This is an emerald and diamond ring worn by my mother Nina Foord. In this photo her hands are still a bit "raw", a side-effect of the chemotherapy she has just completed after a successful operation on bowel cancer. It has not been my mother's best year but she has pushed through it with dignity and determination.
The ring was made by my great-great-grandfather who was a Prussian Jew and jeweller to the crown Prince of Prussia.
This ring was made as an engagement ring for my great-great-grandmother. It was lost during the holocaust, then somehow (we don't really know how) it made its way back to my grandmother after the war.
My maternal grandparents were German Jews who escaped Berlin to the UK just before the Second World War started. Jewish lineage is inherited through the mother, which makes me, along with Kate Biddlestone and David Foord, Jewish. This is part of our story.
Almost all of my grandparents' family were murdered by the Nazis during the war, except for a handful who escaped and scattered across the world.
My grandfather first proposed to my grandmother when he was 12 and she was 9, but they weren't to marry until after the war.
|The engagement photo of Manfred and Else, taken in Berlin in 1938/9.|
My grandfather (Opa) came to Edinburgh on a student visa and my grandmother (Oma) came to the south coast to work as a maid. Domestic servants were the only women the UK would take at the time, quite a challenge for a fiercely intelligent woman like my grandmother. Jewish women were only accepted from Germany into the UK if they had a specific job to go to. So someone we don't know saved my grandmother by providing a Jewish woman with a job.
Manfred's sister Masie escaped to America, but unfortunately died when my mother was young.
At this point Manfred and Else were engaged to be married, but separated by circumstance.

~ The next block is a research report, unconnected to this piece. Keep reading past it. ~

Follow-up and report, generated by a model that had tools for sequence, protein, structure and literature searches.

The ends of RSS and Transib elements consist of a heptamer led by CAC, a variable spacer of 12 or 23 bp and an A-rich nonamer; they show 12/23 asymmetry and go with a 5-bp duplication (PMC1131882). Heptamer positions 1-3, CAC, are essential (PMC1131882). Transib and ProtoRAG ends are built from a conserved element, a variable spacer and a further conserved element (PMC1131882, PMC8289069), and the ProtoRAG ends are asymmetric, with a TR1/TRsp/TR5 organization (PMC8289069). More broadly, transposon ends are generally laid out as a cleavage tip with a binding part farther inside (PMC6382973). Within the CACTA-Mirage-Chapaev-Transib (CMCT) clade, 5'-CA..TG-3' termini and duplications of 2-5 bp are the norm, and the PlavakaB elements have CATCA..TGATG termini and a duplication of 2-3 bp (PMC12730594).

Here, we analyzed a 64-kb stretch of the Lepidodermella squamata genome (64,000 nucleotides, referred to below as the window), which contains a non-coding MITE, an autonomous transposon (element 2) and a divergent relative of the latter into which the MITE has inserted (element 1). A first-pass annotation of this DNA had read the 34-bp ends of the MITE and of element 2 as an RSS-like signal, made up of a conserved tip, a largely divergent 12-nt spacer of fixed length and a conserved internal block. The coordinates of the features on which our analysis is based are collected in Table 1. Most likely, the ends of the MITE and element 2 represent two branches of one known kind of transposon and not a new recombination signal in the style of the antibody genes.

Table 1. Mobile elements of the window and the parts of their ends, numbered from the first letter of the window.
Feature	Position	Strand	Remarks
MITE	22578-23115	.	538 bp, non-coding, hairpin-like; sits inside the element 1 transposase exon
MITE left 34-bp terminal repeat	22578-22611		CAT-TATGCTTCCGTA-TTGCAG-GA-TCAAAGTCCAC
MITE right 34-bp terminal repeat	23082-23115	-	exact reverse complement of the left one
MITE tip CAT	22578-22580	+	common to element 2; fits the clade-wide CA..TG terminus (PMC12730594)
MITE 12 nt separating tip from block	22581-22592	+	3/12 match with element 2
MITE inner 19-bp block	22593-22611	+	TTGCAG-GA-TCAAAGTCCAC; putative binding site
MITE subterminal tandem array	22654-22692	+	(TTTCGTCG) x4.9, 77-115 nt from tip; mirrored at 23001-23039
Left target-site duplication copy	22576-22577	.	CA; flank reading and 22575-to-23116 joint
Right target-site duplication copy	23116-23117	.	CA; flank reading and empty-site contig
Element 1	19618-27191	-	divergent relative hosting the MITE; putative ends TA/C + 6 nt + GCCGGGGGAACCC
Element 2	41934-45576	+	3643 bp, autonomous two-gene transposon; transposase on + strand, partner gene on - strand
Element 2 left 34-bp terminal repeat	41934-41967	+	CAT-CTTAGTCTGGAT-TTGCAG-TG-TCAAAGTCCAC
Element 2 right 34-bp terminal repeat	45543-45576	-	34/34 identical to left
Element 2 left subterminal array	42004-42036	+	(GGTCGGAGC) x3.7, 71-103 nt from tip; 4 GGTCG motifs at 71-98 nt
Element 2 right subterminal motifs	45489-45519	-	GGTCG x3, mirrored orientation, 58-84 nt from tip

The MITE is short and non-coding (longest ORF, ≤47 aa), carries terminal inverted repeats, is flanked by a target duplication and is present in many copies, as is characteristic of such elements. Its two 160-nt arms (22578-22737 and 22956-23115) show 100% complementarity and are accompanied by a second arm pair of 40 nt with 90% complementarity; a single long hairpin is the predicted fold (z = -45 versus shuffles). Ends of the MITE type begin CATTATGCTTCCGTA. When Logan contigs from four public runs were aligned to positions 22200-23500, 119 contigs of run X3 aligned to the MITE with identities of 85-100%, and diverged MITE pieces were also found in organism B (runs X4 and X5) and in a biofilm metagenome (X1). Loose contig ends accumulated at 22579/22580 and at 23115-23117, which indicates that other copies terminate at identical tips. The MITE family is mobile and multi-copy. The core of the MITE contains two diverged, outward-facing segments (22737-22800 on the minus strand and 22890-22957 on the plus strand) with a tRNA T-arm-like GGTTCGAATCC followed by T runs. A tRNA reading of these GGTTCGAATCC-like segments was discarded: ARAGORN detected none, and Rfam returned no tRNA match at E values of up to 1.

When the war started my grandfather was interned by the British on the Isle of Man as an enemy national. All the internees were then transferred to internment camps in Canada. The sea voyage was extremely perilous due to German U-boats, and as they'd lost touch Else spent the whole war not knowing if Manfred was even alive.
On his return to the UK Manfred had to track Else down. He eventually found her, still in service, in Aylesbury. They married in Aylesbury with literally only sixpence (6d) and a battered saucepan to their name.
Else Aron, my grandmother's maiden name, is a descendant of Moses' brother Aaron. Apparently this was "traceable" but the details are lost. She was the first cousin of Hannah Arendt, the famous Jewish political philosopher who wrote about totalitarianism. Hannah's works have understandably become more "popular" in recent days and the royalties my mother receives have been steadily increasing (although her share is still relatively small).
My grandmother is one of the most beautiful women I've ever known. Her gentle love was a strong formative influence throughout my childhood.
My grandfather's ancestry is traced to the tribe of Benjamin, after whom my son is named.
Before the war, in Berlin, Opa was a top concert pianist taught by Otto Klemperer's sister. After the war, he couldn't afford a piano, and by the time he could have bought one he had completely lost the heart to play. He was delighted to have a musical granddaughter (my sister Kate) and encouraged her musical education.
Manfred educated himself to a high level in Canada learning Latin and Greek, but the only work he could find initially was as a coil winder in a munitions factor in Aylesbury. He then got a job as an editor for the publisher Faber and Faber and they moved to London where my mother was born in 1947. His next job was in Cambridge working for the Royal Commission for Historical Monuments, working with Nikolaus Pevsner who is a famous art historian. Their job was investigating historical buildings to decide which should have preservation orders. Manfred Bräude is named as a contributor in some of Nickolaus' publications.
Whilst working for the Royal Commission Manfred started delivering extramural lectures for Cambridge university on art history, specialising in Roman art in Britain. The university recognised that he was a gifted teacher and he took on a position filling in for someone on sabbatical for the classics faculty at Cambridge, specialising in Greek and Roman art. The university wanted to employ him permanently but he had never completed his degree due to his internment. Their solution was to give him an honorary degree.
Manfred remained a classics lecturer at St Catherine's college until his retirement. He frequently won the student vote for best lecturer in the classics faculty and he claimed to have never given the same lecture twice.
|Taken during the celebration of their golden wedding anniversary. Already ill with cancer, this was just a few months before Oma died at the age of 75. Opa lived for four more years, but was utterly miserable without her.|
Written by Michael and Nina Foord. December 2016.